Psalm 133 gives us a couple of graphic word pictures to help our understanding. It is a short song of David that he wrote to exalt the character of unity. In these sentences, the sweet psalmist of Israel describes the essence of unity with the figures of oil and dew.
“Behold, how good and how pleasant it is for brethren to dwell together in unity!
“It is like the precious ointment upon the head, that ran down upon the beard, even Aaron’s beard: that went down to the skirts of his garments;
“As the dew of Hermon, and as the dew that descended upon the mountains of Zion: for there the LORD commanded the blessing, even life for evermore” (Psalm 133:1-3).
David first points to the anointing of Aaron, Israel’s first high priest. We can read about this in the closing chapters of Exodus. At this point, Moses delivers the instructions for the manufacture and assembly of the Tabernacle. The Lord provided meticulous details for this project, outlining how the fabrics, the metals, the stones, the boards, and the furniture were to be fashioned and put together for this portable worship center.
Clothed with Love and Care
Following His instructions on the Tabernacle structure and layout, God gave His orders regarding the clothing and commissioning of the priests and Levites who would serve in this place. This project, right down to the things related to the priesthood, involved the whole nation. The people donated the materials for the tent and its compound and also for the clothes to be worn by Aaron and the Tabernacle workers.
Exodus 28 records the details regarding “the holy garments for Aaron thy brother for glory and for beauty” (Exodus 28:2). The definition covering Aaron’s clothing stretched from head to toe. He was to have a “fair” miter to wear on his head. The shoulder pieces and the breastplate would carry precious stones engraved with the names of the tribes of Israel.
Along the bottom of the robe, the clothiers were to “make pomegranates of blue, and of purple, and of scarlet, round about the hem thereof; and bells of gold between them round about” (Exodus 28:33).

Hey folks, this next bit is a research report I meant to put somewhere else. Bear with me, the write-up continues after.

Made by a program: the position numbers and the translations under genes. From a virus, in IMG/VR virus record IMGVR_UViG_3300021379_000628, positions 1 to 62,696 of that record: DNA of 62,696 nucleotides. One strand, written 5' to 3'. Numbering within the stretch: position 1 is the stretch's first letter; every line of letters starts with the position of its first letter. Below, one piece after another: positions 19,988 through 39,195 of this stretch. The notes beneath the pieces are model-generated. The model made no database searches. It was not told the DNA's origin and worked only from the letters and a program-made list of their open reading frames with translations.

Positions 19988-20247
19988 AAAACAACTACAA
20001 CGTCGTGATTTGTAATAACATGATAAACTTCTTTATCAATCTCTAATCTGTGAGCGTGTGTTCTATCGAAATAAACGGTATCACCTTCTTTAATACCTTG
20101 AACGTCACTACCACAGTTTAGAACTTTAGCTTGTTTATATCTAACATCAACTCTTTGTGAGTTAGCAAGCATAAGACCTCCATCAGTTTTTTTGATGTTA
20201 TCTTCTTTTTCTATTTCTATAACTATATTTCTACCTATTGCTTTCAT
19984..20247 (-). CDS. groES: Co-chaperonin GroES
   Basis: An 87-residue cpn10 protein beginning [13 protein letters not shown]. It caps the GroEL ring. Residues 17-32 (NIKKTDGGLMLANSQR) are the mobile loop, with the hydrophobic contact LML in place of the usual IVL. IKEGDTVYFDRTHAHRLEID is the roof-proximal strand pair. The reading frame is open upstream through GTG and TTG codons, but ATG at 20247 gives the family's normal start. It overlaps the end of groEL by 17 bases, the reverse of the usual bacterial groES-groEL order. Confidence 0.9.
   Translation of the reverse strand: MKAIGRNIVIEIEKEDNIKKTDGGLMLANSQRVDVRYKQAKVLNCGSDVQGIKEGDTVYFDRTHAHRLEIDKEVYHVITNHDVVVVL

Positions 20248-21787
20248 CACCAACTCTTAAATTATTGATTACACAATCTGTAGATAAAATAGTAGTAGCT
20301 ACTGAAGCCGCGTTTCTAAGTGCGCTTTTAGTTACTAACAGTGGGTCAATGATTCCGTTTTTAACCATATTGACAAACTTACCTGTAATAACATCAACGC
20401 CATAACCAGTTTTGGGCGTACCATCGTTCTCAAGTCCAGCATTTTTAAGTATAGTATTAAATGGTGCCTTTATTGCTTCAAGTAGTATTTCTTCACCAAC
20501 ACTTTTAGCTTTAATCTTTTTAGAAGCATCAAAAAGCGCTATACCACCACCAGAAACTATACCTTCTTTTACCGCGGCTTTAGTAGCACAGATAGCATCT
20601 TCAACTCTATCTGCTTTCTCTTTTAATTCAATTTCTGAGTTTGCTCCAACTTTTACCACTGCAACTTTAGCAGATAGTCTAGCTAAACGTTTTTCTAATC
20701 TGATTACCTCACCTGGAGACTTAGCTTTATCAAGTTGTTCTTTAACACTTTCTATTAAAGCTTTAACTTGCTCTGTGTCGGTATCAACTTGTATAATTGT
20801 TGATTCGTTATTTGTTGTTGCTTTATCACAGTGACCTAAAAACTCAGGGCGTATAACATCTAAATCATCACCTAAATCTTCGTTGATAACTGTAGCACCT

The Flow of the Spirit in Love
It is these edges, the skirts of the robe of Aaron that David draws our attention to in Psalm 133. The anointing oil would be poured upon Aaron, according instructions given in Exodus 29. The oil, a concoction unlike any other ever made, would run down Aaron’s head, through his beard, and down to the pomegranates and bells by his feet.
It is kind of a messy picture, but it is profound nonetheless. It says something to us about the fullness of God’s blessing that comes where there is unity. All are included, even those at the edges.Unity in the Spirit flows from above to the very bottom; it touches every part. Click To Tweet
Think of it in the light of the Holy Spirit and His work in us and through us as believers. Christ ascended and sent the Spirit to anoint those who called upon His name. Unity in the Spirit flows from above to the very bottom; it touches every part of the ministry that is after God.
The flow must go wide and deep for the work to be accomplished fully in decency and in order. The results that we see and sense are fruit and a certain sound, as represented by the pomegranates and bells upon Aaron’s garment. This is what unity in the Spirit of God brings.
The Refreshment of the Word
David also wrote of unity as being as the dew that falls. Moses, in Deuteronomy, said the doctrine of God would fall as rain and rest as “dew” upon those who would hear it (see Deuteronomy 32:1-4). Solomon wrote that the wisdom of God breaks up the depths and drops as the dew (Proverbs 3:20).
The Word of God brings unity and establishes convictions among us. In John 4, Jesus spoke to the woman at the well after she raised a point of contention among Samaritans and Jews about the proper place to worship the Lord. He answered her with this: “But the hour cometh, and now is, when the true worshippers shall worship the Father in spirit and in truth: for the Father seeketh such to worship him. God is a Spirit: and they that worship him must worship him in spirit and in truth” (John 4:24).
The Spirit and the Truth characterize true worship. There is “oil” and “dew” upon those who diligently follow Christ.
For more about unity and loyalty, listen to “The Anointed Unity of Loyalty,” a message by Thomas Schaller, pastor of Greater Grace Church in Baltimore.